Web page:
Reminders of Venetian style
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Church of St Blaise
Vodnjan is a sleepy Istrian village that contains one of the region's most macabre sights. There's not much to see in the tiny town. Unmarked by tourism, it retains an authentic Istrian flavor with nice architectural details. Most people go for the unique Baroque 18th-century Church of St. Blaise. Pleasant enough on the outside, it's the interior that draws visitors.
Behind the main altar of the Church of St. Blaise and in a separate room lie the desiccated remains of six saints that were, in effect, mummified. The clothed bodies of St. Leon Bembo, St. Ivan John Olini, and St. Nicoloza Bursa, as well as assorted parts of three other saints, lie enclosed in glass. For unknown reasons, the bodies and body parts failed to decompose. The skin and nails darkened and dried, making the corpses look curiously wooden. In addition to the "mummies", the church reliquary contains 380 relics enclosed in glass, including the undecayed tongue of St. Mary of Egypt.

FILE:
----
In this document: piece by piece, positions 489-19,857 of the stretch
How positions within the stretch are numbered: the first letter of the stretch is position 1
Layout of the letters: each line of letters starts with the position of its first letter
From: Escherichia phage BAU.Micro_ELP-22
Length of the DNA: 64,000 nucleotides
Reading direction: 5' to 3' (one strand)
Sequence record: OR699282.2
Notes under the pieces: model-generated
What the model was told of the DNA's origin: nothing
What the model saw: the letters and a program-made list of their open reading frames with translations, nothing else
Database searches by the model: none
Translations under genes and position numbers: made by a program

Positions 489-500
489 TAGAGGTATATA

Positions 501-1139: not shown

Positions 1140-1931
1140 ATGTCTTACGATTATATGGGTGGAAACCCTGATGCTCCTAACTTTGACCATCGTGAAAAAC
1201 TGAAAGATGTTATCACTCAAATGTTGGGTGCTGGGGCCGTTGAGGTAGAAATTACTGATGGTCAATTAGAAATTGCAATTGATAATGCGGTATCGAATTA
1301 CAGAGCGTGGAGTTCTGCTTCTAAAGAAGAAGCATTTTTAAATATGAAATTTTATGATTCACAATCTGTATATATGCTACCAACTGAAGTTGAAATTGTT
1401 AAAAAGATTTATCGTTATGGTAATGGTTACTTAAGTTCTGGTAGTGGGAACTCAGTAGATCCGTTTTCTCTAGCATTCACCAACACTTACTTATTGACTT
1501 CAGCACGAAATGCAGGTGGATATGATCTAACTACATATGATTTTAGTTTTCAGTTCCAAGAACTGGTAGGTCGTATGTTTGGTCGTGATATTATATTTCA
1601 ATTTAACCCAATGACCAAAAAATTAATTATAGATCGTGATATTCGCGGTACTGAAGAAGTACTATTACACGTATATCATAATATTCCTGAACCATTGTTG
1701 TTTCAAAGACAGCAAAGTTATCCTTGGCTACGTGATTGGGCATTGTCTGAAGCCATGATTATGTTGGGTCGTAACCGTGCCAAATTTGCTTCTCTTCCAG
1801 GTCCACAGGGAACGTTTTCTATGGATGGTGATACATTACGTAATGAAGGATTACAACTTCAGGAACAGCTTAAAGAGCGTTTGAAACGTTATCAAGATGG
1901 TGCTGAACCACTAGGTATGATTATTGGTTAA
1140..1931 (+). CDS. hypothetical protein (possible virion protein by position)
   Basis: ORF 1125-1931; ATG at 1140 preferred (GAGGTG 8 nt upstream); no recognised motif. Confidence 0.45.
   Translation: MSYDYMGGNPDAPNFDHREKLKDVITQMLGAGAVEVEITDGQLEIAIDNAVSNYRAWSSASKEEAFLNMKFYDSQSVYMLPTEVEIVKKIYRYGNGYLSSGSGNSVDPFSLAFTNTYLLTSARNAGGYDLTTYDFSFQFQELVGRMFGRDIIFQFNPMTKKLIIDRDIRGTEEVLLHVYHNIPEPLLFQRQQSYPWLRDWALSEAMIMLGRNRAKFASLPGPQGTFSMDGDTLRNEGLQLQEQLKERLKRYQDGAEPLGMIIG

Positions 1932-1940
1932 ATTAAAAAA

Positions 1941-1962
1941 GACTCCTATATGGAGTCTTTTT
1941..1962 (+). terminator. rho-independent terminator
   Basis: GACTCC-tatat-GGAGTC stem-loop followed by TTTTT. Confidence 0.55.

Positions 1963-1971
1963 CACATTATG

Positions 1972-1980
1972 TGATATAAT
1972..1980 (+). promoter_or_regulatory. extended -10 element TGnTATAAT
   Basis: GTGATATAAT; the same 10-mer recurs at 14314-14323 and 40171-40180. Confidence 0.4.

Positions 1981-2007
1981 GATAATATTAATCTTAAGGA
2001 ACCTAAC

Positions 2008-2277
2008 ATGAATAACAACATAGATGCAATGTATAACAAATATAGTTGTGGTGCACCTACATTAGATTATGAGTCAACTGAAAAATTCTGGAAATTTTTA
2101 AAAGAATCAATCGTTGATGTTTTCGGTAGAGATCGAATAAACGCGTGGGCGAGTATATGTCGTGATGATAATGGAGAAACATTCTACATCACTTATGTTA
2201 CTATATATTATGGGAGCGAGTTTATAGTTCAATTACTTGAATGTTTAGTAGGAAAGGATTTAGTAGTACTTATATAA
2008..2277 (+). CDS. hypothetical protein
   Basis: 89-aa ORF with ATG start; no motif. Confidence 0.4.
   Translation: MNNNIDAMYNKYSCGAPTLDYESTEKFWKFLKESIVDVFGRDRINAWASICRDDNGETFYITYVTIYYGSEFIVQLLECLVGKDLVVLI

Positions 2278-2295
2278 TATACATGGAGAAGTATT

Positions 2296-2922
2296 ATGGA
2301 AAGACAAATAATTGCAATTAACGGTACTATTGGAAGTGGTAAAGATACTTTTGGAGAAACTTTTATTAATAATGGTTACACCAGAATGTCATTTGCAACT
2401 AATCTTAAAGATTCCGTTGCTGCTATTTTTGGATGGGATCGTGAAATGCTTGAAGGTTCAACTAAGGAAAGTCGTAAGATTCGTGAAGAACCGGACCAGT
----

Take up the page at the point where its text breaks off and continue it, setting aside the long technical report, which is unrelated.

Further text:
While you absorb the creepy ambiance, a CD explains who the saints were, how they lived and how they died. Odd.
Among the less grisly exhibits, notice the 14th-century polyptych painted by Paolo Veneziano that depicts scenes from the life and death of St. Bembo.
Vodnjan is seven miles or 10 kilometers north of Pula to which it is linked by hourly buses.
The Vodnjan tourist office (tel 052 511 700) is in the centre of town at Narodni trg 3.
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